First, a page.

Category: Thoughts

Introducing Book-Notes – my notes and highlights from the books I have read

Today I’m releasing Book-Notes – a collection of my notes and highlights from the books I have read.

Screenshot of Book-notes

Reading a book is awesome. Blazing past books at break-neck speed is awesome for only so long. To enjoy the book more, to internalize and chew over what the book has to say, I realized that slowing down and reviewing might be key. So, I started marking out highlights and taking notes when reading inspired by folks like Derek Sivers, Ryan Holiday, Maria Popova (listen at the 31:45 mark) and Tim Ferriss.

This taking notes and highlights is convenient and easy when reading an e-book: on a kindle or the kindle app, or on the Google Play Books app. If I’m reading a paper book, I use the index method: I lightly mark the start and end of the highlight on the page and create an index on the very first page of the book. The index is just a list of page numbers which has these highlights and maybe notes.

I download the Kindle highlights from the Kindle – Your Highlights page using Bookcision. When reading on Play books, it stores the notes on a Google Doc in my Google Drive. Paper books are slower/harder/better/nicer/more-painful. I write down the marked highlights and erase the pencil markings as I go) into my Livescribe book – which gets transcribed and then moved to OneNote.

And now, these notes converted to JSON and will start appearing on the book-notes section of my website.

So, if you are interested in what I’m reading, what I think is thought-provoking in the books I read, come back here regularly to check for new notes and highlights (and some older ones which are being transcribed).

What I used to build book-notes

I used React – using Create React App to build book-notes. It is hosted on my shared hosting space at Webhosting Hub. The code lives in Bitbucket. The design is heavily inspired by Derek Sivers and the Kindle – Your Highlights page. Fonts used: the serif Alegreya for body copy and and the sans-serif Gandhi Sans for headers. Logo is from Flaticon.

VS Code – A tool for writers

Can this be? VS Code – A tool for writers?

Writers use various tools to write. For digital words, we have many options of text editors, word processors and apps. I have used OneNote, Evernote, Google Keep, the WordPress built-in editor, 750 words — in addition to the old-school style of college-rule notebooks, yellow pads and Moleskine journals — for various kinds of writing — blog posts, free form writing, brainstorming or stream-of-consciousness dumping.

However, till now, I had not used a text editor. So why not try to use VS Codethe coding editor I have fallen in love with?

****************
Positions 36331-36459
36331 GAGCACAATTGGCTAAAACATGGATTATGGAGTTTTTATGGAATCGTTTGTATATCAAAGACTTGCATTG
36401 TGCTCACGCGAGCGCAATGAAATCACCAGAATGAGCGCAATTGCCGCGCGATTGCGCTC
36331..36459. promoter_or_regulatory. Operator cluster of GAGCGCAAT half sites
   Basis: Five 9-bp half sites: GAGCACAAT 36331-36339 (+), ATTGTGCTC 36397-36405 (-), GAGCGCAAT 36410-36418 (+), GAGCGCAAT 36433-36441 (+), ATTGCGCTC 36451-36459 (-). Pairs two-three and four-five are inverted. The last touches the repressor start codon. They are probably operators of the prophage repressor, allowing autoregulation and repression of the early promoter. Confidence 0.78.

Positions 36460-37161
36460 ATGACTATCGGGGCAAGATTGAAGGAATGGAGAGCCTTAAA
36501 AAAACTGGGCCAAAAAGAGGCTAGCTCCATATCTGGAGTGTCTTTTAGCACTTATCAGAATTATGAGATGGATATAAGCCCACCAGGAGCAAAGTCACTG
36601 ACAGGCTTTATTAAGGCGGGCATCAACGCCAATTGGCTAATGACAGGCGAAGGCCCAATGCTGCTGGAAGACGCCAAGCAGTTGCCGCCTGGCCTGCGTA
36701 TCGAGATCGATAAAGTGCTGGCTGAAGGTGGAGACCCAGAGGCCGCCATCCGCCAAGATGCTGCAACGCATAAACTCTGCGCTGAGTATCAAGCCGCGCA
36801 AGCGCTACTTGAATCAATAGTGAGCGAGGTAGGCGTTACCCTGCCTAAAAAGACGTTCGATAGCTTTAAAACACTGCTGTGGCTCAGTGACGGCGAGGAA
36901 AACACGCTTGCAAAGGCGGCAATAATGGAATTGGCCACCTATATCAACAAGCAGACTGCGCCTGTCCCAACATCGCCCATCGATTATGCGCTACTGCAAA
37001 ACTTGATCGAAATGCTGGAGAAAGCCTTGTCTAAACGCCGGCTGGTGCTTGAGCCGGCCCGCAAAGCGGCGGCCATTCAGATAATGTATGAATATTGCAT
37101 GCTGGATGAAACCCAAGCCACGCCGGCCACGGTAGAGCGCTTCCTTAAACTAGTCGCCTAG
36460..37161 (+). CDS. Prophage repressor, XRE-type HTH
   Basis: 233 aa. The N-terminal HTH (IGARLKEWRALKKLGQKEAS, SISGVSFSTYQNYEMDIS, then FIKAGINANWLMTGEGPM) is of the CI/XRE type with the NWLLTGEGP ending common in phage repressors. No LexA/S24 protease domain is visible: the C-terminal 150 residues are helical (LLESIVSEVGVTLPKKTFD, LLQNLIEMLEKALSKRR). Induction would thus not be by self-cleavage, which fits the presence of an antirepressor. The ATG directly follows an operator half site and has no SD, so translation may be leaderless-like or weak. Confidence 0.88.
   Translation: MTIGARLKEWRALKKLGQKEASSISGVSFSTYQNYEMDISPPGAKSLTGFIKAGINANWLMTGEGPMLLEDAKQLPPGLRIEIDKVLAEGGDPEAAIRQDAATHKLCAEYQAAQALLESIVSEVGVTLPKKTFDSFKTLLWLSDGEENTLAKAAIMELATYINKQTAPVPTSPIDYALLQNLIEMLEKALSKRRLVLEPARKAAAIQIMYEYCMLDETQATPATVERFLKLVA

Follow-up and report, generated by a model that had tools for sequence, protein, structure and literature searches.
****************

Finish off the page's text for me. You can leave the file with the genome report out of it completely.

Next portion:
But what exactly are my needs for a writing editor?

  1. A distraction free writing environment
  2. Should count words
  3. Awesome if it can count characters
  4. Spell Checker
  5. Markdown support
  6. Markdown Preview when writing would be so awesome
  7. Auto-save constantly
  8. Lives on the cloud – accessible from all devices

So are these requirements met with VSCode? VS Code – A tool for writers?

1. A Zen mode and a Fullscreen mode (this shows the word and character counts).
2. VSCode has plugins for Word counter and character counter and spell checkers.
3. It has beautiful themes (I’m now enjoying the yellow pad looking Solarized Light Theme). I can install fonts (enjoying Hasklig with ligatures).
4. Markdown support and Preview with Auto-Open Markdown (opens in a preview window side-by-side when writing) and Instant Markdown (opens in a new browser) plugins. Even a plugin to convert markdown to pdf, html or text exists.
5. Auto-save – yes.
6. To save on the cloud, I’m going with the nerdy git + bitbucket. And for the truly obsessive, you can sync bitbucket to Google Drive via Zapier.

So yeah, VS Code is really awesome!

So what does VS Code not have, that I miss? Flashy Distracting Features That I still love like from:

  1. OneNote: I love the feature where different text boxes can be moved around like a bunch of stickies on a piece of paper. But admittedly, that is not a distraction-free environment. Great for brainstorming – not so great for distraction-free writing.

  2. 750 Words:
    I love the distraction free environment, the simplicity of the interface.
    I love the badges
    I loved the word counters and the notification when you reach 750 words.
    I love the statistics.
    I love the Seinfeld style – Don’t break the chain strip which counts the days you have shown up to write and met your goal.